The average funding ratio of Dutch pension funds declined by approximately 1 percentage point over the month of December 2013, according to Aon Hewitt and Mercer.
The consultancies estimated that the average funding rate at the end of last year came to 109% and 108%, respectively.
As a result of the decline, dozens of Dutch pension funds will face additional benefit cuts.
The decline in December varied widely from one pension scheme to the next, according to Mercer’s Dennis van Ek.
“For schemes that did not hedge more than, say, 25% of their interest-rate risk, and that invest some 50% in equities, the decline will be limited from one-quarter to half of a percentage point.
“For schemes that have extensive interest-rate risk hedges in place and do not invest a lot in equities, the decline may be as much as 2 percentage points.”
According to Aon Hewitt, 30-35 pension funds will have to implement benefit cuts.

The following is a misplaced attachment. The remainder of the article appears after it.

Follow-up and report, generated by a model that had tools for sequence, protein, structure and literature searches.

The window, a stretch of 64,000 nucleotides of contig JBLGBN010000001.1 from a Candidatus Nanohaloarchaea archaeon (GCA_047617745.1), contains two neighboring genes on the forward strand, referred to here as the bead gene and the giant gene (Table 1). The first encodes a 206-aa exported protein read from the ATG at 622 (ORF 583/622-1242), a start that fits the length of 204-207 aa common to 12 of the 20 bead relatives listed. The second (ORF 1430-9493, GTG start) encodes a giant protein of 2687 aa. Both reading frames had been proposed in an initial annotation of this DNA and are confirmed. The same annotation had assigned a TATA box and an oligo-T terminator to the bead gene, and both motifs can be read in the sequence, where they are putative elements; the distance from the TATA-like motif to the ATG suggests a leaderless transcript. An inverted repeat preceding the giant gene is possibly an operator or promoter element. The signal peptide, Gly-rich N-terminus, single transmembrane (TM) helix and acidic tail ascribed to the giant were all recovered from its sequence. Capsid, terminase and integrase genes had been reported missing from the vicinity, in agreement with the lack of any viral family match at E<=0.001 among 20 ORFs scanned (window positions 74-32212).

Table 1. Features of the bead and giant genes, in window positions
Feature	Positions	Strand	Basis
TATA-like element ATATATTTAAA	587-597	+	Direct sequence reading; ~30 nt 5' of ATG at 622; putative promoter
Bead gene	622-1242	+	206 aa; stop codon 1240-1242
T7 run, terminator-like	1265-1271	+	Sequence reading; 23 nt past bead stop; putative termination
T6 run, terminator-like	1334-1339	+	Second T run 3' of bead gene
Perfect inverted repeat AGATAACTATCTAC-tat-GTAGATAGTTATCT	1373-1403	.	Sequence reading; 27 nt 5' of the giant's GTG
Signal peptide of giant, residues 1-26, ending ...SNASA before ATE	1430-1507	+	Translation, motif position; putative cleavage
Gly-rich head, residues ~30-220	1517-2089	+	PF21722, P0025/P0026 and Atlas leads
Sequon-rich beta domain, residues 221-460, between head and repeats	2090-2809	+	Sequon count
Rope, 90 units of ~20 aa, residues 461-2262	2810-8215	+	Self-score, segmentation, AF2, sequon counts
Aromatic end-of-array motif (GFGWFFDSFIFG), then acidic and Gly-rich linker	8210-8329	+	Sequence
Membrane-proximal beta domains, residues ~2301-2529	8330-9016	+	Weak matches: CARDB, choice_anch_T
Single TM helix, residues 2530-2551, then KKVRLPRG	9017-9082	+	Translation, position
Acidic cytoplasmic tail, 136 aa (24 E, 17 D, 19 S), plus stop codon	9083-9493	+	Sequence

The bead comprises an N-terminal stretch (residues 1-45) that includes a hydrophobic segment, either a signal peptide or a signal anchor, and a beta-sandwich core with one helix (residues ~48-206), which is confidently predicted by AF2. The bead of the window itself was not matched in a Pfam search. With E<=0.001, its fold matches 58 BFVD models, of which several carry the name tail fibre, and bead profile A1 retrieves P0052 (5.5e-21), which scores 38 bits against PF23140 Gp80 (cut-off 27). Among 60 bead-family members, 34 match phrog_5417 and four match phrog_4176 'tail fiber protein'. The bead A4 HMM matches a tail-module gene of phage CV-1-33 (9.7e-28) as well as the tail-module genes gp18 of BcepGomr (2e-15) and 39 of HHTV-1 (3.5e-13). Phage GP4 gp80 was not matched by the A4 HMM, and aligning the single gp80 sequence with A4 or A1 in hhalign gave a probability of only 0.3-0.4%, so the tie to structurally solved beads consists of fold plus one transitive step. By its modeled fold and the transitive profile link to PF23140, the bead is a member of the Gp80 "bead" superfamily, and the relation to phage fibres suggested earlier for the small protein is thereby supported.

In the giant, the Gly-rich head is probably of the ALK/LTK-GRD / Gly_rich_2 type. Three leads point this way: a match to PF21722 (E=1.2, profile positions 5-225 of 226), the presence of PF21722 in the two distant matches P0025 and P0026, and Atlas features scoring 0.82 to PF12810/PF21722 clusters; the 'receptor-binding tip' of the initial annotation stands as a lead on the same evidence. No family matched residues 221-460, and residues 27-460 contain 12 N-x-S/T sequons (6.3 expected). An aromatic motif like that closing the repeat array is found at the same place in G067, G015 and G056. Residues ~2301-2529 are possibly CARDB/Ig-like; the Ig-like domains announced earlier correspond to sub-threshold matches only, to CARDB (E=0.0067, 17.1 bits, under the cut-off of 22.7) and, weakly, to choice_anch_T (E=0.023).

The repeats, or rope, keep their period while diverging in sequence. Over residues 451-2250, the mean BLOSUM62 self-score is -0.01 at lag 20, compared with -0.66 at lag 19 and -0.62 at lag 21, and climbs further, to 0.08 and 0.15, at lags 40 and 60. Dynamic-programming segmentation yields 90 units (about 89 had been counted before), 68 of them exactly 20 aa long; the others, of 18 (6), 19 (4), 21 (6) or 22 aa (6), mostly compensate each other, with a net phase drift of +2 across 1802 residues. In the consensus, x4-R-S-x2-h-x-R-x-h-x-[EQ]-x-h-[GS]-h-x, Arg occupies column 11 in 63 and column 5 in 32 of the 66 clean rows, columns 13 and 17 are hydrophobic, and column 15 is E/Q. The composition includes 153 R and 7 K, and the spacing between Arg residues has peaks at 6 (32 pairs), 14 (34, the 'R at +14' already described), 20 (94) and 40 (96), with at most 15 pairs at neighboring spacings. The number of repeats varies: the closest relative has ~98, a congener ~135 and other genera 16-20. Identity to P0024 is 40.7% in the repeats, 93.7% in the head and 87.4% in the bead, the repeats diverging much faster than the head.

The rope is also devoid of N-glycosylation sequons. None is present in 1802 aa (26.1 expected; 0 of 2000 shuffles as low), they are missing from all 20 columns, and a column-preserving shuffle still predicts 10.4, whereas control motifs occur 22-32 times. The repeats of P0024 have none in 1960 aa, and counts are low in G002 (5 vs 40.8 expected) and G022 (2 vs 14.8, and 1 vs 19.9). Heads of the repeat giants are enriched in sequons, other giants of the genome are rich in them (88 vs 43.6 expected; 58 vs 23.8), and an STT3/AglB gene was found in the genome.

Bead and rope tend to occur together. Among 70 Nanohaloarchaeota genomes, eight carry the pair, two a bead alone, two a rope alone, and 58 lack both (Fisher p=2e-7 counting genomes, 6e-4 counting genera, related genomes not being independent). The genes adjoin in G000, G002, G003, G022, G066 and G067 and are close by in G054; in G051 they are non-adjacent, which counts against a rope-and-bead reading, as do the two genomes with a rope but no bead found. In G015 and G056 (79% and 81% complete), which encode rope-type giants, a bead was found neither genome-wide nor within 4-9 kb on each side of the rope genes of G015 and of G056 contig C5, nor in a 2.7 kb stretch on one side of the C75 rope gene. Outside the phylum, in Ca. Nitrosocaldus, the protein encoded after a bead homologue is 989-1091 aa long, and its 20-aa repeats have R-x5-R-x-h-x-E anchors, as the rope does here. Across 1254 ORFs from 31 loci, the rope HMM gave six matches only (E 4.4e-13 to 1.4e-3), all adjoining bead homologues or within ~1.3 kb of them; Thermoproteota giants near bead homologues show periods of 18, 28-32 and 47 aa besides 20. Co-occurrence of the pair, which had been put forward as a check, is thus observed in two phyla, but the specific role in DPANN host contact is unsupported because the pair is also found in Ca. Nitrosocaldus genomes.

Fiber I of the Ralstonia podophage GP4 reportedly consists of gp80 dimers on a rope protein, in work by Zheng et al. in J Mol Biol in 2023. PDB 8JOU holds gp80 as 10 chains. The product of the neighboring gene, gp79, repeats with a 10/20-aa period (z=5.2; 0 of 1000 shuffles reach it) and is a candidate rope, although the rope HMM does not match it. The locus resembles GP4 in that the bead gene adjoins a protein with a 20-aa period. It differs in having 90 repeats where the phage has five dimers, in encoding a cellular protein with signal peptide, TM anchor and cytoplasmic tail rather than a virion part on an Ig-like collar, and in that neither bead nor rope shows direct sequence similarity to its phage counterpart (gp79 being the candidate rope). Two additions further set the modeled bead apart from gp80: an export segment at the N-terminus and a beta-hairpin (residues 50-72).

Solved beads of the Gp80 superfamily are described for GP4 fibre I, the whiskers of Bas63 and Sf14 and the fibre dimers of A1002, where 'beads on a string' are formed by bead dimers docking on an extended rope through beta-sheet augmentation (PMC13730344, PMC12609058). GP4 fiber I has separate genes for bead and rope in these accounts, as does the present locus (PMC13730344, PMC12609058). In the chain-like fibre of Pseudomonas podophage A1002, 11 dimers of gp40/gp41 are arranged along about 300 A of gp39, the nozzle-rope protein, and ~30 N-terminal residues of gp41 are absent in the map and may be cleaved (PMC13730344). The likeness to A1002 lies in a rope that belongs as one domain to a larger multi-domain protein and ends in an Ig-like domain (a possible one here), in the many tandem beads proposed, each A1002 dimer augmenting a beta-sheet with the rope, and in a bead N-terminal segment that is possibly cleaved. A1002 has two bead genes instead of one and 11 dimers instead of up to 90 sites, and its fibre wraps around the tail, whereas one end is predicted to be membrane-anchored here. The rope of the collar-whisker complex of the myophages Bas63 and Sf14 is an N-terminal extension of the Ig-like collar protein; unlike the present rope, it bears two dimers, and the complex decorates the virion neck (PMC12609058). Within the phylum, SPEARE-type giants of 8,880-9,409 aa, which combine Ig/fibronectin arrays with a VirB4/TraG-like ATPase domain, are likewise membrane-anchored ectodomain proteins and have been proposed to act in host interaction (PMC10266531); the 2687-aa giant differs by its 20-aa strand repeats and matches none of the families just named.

Figures published by pensions regulator DNB previously showed that 34 schemes were facing a funding shortfall based on funding ratios at end of November.
Because funding rates have fallen across the board in December, van Ek believes those 34 schemes will definitely not escape cuts, and that there may be more schemes added to the list as a result of December’s decline.
However, because some sponsor companies may bail out their corporate schemes, that number could change.
Consultant Aon Hewitt believes there is no doubt the two metalworkers schemes, PME and PMT, will have to cut benefits.
Both have funding rates hovering right around the required minimum rate.
PME reported a funding rate of 104.6% – just over the required minimum – at the end of November.
The scheme will publish its end of December rate around the middle of January, according to Hans Sieraad, head Finance, Control and Risk Management at PME.